INTERNATIONAL HUMAN RIGHTS DAY
Migrant Women Forum Statement
“All human beings are born free and equal in dignity and rights.”
– Article 1 of the Universal Declaration of Human Rights
Today marks International Human Rights Day – a day observed each year to commemorate the adoption by the UN General Assembly of the Universal Declaration of Human Rights in 1948. This landmark document was the first global enunciation of the rights of all human beings, enshrining the principles of equality and non-discrimination in the realization of these rights, which are to be extended to all regardless of nationality, religion, ethnicity, gender, or legal status. We dedicate this day to those who have lost their lives especially during this COVID-19 pandemic.
Migrant Women Forum calls for a social contract for all migrant workers especially women. A social contract can be understood as an implicit arrangement that defines the relationship between the government and citizens, between labour and capital, or between different groups of the population. Essentially, a social contract reflects a common understanding on how to distribute power and resources in order to achieve social justice (ILO, 2016). The core elements of the social contract involve the safety net administered by government, and paid for by citizens and business, and the employment rules governing relationships between enterprises and workers. The social contract also defines the relative roles of employers and government as they relate to social protections, employment rules, and taxation.
The COVID-19 pandemic has severely impacted millions of migrant workers in destination countries, many of whom have experienced job loss or non-payment of wages, been forced by employers to take unpaid leave and confined to poor living conditions. With this, Migrant Women Forum calls for justice for wage theft of women migrant workers especially those in the informal sector and unpaid care work. It is imperative that they be compensated for the long hours they have devoted and sacrificed to fill the needs of their employers.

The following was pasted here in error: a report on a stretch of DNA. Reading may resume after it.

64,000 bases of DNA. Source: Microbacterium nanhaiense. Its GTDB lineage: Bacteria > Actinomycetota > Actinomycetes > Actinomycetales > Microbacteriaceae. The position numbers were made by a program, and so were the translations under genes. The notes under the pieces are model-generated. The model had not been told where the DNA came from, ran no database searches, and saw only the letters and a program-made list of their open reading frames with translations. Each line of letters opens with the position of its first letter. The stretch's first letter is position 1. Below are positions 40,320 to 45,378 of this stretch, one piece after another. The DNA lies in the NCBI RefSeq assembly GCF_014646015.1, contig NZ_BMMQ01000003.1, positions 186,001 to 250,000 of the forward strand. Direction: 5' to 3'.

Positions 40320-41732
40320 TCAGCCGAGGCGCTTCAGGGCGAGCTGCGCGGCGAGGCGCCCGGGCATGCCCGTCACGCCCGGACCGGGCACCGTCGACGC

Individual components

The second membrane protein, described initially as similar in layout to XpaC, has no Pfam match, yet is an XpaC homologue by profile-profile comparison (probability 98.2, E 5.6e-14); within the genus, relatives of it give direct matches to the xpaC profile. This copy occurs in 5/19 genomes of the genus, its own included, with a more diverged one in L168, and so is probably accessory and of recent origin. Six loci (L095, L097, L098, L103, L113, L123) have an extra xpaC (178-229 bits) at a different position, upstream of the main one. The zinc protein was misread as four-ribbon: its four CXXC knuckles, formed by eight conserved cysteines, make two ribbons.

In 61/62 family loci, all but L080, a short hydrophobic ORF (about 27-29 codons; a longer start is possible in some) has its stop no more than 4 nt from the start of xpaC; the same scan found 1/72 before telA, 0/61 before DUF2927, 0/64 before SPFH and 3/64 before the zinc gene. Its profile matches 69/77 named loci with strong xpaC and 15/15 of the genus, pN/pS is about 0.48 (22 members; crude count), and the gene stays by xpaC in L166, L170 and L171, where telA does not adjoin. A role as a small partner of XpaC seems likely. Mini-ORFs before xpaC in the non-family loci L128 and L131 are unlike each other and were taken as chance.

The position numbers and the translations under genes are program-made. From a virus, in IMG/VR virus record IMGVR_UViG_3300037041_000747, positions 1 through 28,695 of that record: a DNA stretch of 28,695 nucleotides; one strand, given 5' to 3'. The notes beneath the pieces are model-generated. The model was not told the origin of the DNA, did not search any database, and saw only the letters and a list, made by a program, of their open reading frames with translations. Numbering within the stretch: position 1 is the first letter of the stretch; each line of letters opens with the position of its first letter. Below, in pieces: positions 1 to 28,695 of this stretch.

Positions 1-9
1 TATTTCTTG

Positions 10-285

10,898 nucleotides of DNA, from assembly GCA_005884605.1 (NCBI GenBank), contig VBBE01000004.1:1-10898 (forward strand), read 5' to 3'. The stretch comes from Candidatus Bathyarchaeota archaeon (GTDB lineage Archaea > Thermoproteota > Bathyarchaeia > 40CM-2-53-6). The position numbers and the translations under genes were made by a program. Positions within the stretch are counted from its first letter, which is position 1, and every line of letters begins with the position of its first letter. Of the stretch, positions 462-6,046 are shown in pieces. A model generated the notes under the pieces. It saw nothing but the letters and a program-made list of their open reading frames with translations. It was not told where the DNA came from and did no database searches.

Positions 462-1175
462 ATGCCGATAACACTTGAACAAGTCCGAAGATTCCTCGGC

As a network, we call upon the actors who have inhibited women’s rights and access to sexual and reproductive health which should be accessible, affordable, and efficient. They are barred from information and services that are made available for them. We incessantly demand for this to be accessed by women migrant workers.
We also call on justice and the accountability of perpetrators of gender-based violence. This ranges from maltreatment including inhumane living conditions, insufficient nutrition or starvation, to physical punishment, violence, sexual harassment, sexual exploitation or rape. Women migrant domestic workers are exceptionally vulnerable to these kinds of abuses, and monitoring mechanisms do not exist.
In the absence of a true commitment among states to uphold the principles of equity and non-discrimination that are enshrined in all international human rights instruments, we must work to build the migrant rights movement in solidarity with other social movements around the world to challenge the systems that prevent the realization of human rights for all.
Download the Statement here: Statement on International Human Rights Day – MWF